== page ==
To the classical chestnuts of many a holiday season — Messiahs, Nutcrackers, Oratorios, Bats and Holy Nights — as essential and perennial as those roasting on that open fire, perhaps add the delightful confection that is Offenbach’s Fantasio.
The London premiere, 141 years after its abortive Parisian outing in 1872, was a joint project of Opera Rara, whose mission of the past forty years has been to bring near-forgotten 19th century repertoire into the present day via concert performance and recording, and the Orchestra of the Age of Enlightenment, one of world’s most accomplished and ever-evolving period instruments ensembles under the baton of Sir Mark Elder.
Even for comic operetta the story is silly and slim: a melancholy — and of course broke — Munich student with leadership qualities, Fantasio, mesmerized by the grace and beauty of the teenage Princess Elsbeth as she laments her imminent nuptials to the extremely pompous Duke of Mantua, decides to sabotage said wedding – and evade his creditors – by disguising himself as the court’s recently deceased jester, Saint-Jean. After genial bits of stuff and bother, he succeeds. In comparison that old familiar Bat is Goethe; but oh, the music! All musical contributions were excellent, the cast, the Opera Rara chorus, the expressive and sprightly band, with Elder offering a surprise acting and singing turn from the podium as a grumpy tailor to the delight of all assembled. I wondered why Offenbach chose to make the lead a pants role until I heard the harmonic magic conjured between the always glorious mezzo Sarah Connelly as Fantasio and American soprano Brenda Rae as Elsbeth. In a strong field, Rae was the breakout runner. One couldn’t always discern the words of her sweet and soaring coloratura, but how much sense does any lovelorn 16 year old make? Where and how the voice soared was what mattered. Gossamer, all of it, generally sprinkled with fairy dust. I do hope they record it.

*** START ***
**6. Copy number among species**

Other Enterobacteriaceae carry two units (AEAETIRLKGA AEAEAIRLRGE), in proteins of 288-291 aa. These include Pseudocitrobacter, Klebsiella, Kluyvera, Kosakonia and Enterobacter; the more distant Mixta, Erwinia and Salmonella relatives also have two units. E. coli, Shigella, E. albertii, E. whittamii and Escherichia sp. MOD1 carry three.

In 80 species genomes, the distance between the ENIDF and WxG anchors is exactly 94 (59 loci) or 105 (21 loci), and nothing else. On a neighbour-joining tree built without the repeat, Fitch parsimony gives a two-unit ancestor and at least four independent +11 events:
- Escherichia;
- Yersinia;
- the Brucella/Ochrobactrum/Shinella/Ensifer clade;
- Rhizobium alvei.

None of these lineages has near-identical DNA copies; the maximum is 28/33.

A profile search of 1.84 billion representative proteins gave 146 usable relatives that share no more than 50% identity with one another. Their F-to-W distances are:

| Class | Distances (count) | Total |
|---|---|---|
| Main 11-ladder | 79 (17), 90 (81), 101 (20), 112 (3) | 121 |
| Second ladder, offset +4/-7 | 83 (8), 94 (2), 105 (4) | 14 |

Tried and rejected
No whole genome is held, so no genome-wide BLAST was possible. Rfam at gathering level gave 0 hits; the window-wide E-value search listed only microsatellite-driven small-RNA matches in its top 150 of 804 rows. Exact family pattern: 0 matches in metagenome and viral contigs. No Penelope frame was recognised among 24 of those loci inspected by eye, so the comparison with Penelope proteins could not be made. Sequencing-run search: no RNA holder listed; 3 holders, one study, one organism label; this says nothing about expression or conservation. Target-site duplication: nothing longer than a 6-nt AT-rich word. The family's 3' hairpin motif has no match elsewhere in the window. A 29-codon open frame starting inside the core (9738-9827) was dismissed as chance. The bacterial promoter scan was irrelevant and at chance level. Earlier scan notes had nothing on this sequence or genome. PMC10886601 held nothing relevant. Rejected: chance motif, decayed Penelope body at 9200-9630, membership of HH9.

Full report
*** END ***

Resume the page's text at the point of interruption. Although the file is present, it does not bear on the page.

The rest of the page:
photo credit: Russell Duncan
Candace Allen lives in London. She is the author of ‘Soul Music The Pulse of Race and Music.’